A conventional echo suppressor is responsive to a receive-in (i.e. received) and a send-in (i.e. unprocessed) signal and produces an echo suppressed signal as a send-out (i.e. transmitted) signal. An echo suppressor is featured by its simple structure but is disadvantageous in that it irresistively introduces defects or impediments into conversation, such as omission of beginning of an interrupting voice signal sent from the local subscriber to a remote subscriber during presence of an existing voice signal sent from the latter to the former.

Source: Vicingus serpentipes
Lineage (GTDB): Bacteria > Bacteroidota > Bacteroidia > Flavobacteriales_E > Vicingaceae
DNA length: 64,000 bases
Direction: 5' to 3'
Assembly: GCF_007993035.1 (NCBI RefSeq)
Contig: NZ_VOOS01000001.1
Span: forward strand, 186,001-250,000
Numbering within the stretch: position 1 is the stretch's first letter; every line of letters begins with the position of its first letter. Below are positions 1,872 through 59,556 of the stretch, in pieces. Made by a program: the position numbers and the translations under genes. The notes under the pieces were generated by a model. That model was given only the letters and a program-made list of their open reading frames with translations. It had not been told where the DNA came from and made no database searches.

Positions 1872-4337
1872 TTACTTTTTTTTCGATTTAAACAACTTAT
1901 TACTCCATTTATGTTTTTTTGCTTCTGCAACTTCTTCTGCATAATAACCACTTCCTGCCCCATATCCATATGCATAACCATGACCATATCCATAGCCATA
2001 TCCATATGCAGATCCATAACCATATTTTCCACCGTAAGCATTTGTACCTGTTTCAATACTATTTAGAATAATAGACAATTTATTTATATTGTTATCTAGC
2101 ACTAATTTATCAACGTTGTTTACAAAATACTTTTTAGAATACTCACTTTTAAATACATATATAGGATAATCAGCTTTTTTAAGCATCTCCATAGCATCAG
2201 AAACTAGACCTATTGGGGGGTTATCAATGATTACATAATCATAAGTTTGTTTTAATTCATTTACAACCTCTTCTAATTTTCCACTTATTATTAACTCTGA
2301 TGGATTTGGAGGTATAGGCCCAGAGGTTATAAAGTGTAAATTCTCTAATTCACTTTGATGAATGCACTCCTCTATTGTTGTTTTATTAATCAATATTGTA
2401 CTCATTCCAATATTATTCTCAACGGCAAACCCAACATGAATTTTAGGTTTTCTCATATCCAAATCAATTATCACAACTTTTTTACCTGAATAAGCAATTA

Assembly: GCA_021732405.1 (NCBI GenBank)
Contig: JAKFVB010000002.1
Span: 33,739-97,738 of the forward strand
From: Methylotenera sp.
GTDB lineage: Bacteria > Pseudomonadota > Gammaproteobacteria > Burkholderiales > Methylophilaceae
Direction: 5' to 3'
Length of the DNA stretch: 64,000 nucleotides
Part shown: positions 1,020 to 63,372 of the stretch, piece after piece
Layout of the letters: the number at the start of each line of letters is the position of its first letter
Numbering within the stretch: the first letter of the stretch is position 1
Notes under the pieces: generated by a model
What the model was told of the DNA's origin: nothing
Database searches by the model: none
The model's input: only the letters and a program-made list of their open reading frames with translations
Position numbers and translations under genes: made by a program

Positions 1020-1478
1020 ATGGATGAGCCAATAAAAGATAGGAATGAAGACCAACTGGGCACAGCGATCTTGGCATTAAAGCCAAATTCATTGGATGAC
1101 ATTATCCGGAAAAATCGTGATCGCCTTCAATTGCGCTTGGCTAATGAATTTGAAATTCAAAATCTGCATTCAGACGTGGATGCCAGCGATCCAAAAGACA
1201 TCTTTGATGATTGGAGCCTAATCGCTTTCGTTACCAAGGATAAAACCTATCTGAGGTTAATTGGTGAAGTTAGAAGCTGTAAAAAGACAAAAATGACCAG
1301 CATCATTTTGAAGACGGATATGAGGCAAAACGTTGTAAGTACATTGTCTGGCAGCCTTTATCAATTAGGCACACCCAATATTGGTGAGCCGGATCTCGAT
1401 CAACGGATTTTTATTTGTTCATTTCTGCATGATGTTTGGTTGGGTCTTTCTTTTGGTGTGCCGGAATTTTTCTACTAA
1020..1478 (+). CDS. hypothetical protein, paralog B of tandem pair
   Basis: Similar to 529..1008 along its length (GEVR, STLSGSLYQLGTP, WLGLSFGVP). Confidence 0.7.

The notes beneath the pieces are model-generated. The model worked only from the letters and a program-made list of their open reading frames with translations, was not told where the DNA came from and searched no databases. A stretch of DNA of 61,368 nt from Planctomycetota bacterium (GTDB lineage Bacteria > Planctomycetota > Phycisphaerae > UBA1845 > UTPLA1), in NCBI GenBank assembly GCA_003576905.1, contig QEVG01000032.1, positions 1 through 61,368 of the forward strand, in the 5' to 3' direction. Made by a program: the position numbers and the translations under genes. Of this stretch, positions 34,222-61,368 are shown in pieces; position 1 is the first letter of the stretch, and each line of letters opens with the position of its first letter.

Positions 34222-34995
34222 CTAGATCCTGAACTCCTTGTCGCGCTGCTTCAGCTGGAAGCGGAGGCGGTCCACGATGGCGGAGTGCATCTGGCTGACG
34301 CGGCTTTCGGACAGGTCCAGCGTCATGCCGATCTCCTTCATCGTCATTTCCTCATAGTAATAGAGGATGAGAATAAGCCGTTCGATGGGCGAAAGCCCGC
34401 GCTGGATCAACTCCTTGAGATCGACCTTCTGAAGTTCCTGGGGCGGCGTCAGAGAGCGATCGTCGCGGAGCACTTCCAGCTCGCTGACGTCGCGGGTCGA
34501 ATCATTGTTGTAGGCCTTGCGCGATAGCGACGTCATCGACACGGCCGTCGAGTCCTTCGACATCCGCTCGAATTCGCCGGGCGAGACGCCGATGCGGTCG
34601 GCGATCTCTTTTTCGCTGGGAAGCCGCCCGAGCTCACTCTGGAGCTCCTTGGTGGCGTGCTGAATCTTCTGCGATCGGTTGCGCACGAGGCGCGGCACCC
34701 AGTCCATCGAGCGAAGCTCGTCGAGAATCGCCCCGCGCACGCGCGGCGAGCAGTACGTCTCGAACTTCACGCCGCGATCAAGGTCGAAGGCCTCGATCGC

A sophisticated echo canceller comprises an echo simulator responsive to a receive-in signal for producing a simulated or synthesized echo signal or echo simulation signal and a subtractor for subtracting the echo simulation signal from a send-in signal to produce an echo cancelled signal as a send-out signal. The send-in signal is referred to as an "unprocessed" signal since it has yet to undergo either echo cancellation or echo suppression as will be more fully described. The echo simulator retains a set of parameters determined in compliance with approximated or estimated characteristics of the echo path. The echo cancelled signal consists of a residual echo signal when there is no double talk in the lines, namely, when the local subscriber does not speak to a remote subscriber while the latter is already speaking to the former. The residual echo signal should ideally be of a zero level but provides in practice a finite cancellation error. Inasmuch as the characteristics of an echo path may fluctuate from time to time, it is preferred that an echo canceller further comprises self-adaptive means responsive to the residual echo signal for adjusting or modifying the echo simulator so as to produce a least possible residual echo signal. Self-adaptively adjusted, the echo simulator changes the echo simulation signal when the current characteristics of the echo path becomes different from the previously estimated characteristics of the echo path. An echo canceller is theoretically preferred to an echo suppressor because of absence of the above-mentioned impediments but loses its function under certain circumstances, such as when a large noise appears in the lines, when the echo path characteristics are nonlinear, and/or when a large variation occurs in the echo path characteristics.